Talk about kicking a company when its down. Bookie William Hill has just found itself served out of the Australian Open.
Tennis Australia says it will no longer offer “on court signage” to the company, which had enjoyed the status of being its “official betting partner”.
Gambling is a particularly touchy subject within the sport of tennis, amid persistent allegations of match fixing.
At the same time as it knocked William Hill off court, Tennis Australia unveiled a range of “integrity measures” including an agreement with bookies that will see mandatory reporting of suspicious betting patterns, and the extension to all tournaments of a block on access to gambling websites via Tennis Australia’s public wi fi.
Oh, and there are also plans to enhance prize money at lower levels of the game. Which might be more effective than anything else. There will always be people who will succumb to temptation if they don’t make much money playing a sport. Tennis has quite a few of them, with only a very small number of players making megabucks.
As a result of all this, Tennis Australia has generated some nice headlines, that slightly missed the point. Licensed bookmakers like William Hill are more likely to be part of the solution to the sport’s gambling issues than they are to be part of the problem. Crooked betting on sports events is most often to be found offshore, in the shadowy unlicensed world.
Tennis Australia has also gained points with those who have expressed concerns about the level of gambling among Australians generally, and who aren’t all that happy with the prevalence of the industry’s advertising at and around sporting events.
This is also controversial subject in the UK, where the Government is conducting a wider review of the gaming industry. That might lead to a ban on daytime advertising, among other things.
What’s really got people worried is the impact that would have on the economics of horse racing’s £30m deal with ITV that is rather dependent on bookmaker advertising around the sport’s crown jewel events, such as Cheltenham and Royal Ascot. They will be screened on ITV 1. Less high profile racing days will find themselves relegated to ITV 4, where only aficionados will go.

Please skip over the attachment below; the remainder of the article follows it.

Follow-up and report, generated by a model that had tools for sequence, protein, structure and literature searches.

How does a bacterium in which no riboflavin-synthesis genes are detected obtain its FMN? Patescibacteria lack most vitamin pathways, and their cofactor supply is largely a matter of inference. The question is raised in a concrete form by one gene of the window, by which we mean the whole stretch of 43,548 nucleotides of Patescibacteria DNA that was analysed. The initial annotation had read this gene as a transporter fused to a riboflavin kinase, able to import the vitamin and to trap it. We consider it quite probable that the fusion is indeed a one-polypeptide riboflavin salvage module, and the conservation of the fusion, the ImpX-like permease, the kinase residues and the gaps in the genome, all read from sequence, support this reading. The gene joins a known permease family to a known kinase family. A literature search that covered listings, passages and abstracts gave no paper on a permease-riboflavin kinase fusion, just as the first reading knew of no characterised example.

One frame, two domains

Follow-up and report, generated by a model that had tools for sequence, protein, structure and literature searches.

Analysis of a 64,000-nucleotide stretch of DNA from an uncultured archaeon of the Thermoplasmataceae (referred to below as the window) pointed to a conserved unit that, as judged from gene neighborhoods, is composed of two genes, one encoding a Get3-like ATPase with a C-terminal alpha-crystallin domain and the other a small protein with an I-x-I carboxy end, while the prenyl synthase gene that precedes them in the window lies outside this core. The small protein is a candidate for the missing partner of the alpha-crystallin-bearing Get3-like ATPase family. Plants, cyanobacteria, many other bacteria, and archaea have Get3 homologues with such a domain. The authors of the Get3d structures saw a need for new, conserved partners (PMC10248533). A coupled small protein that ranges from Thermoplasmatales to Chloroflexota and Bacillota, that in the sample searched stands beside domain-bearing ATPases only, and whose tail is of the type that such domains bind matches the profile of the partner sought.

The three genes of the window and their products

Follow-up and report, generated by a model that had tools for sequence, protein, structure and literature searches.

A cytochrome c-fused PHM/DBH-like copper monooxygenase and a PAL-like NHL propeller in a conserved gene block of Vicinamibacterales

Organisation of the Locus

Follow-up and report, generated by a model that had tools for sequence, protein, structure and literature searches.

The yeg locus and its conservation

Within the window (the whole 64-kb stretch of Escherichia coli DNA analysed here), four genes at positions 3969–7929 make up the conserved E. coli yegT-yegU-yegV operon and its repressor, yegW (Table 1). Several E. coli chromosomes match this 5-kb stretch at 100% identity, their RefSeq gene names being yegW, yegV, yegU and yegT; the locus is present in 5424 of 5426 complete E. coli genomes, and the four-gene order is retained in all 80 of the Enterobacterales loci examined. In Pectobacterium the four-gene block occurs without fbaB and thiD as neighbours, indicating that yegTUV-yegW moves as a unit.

A sensible solution might be to ban ads during the daytime, other than during racing, which doesn't tend to attract all that many viewers under 30 let alone under 18.
It is probably true that gambling advertising has become a little too prevalent in the UK, and perhaps in Australia and elsewhere too. But, again, if they recognise this and accept reform, then licensed onshore bookmakers could be a part of creating a workable solution. At least if they could be weaned from their addiction to fixed odds betting terminals. By contrast, online addiction, fuelled by offshore websites, is an under reported problem.
What all this does rather show is just how beholden the industry’s future is to regulatory and legislative changes over which it has little control. No wonder William Hill, which has been struggling, is having so much difficulty in finding a chief executive to oversee a turnaround plan.
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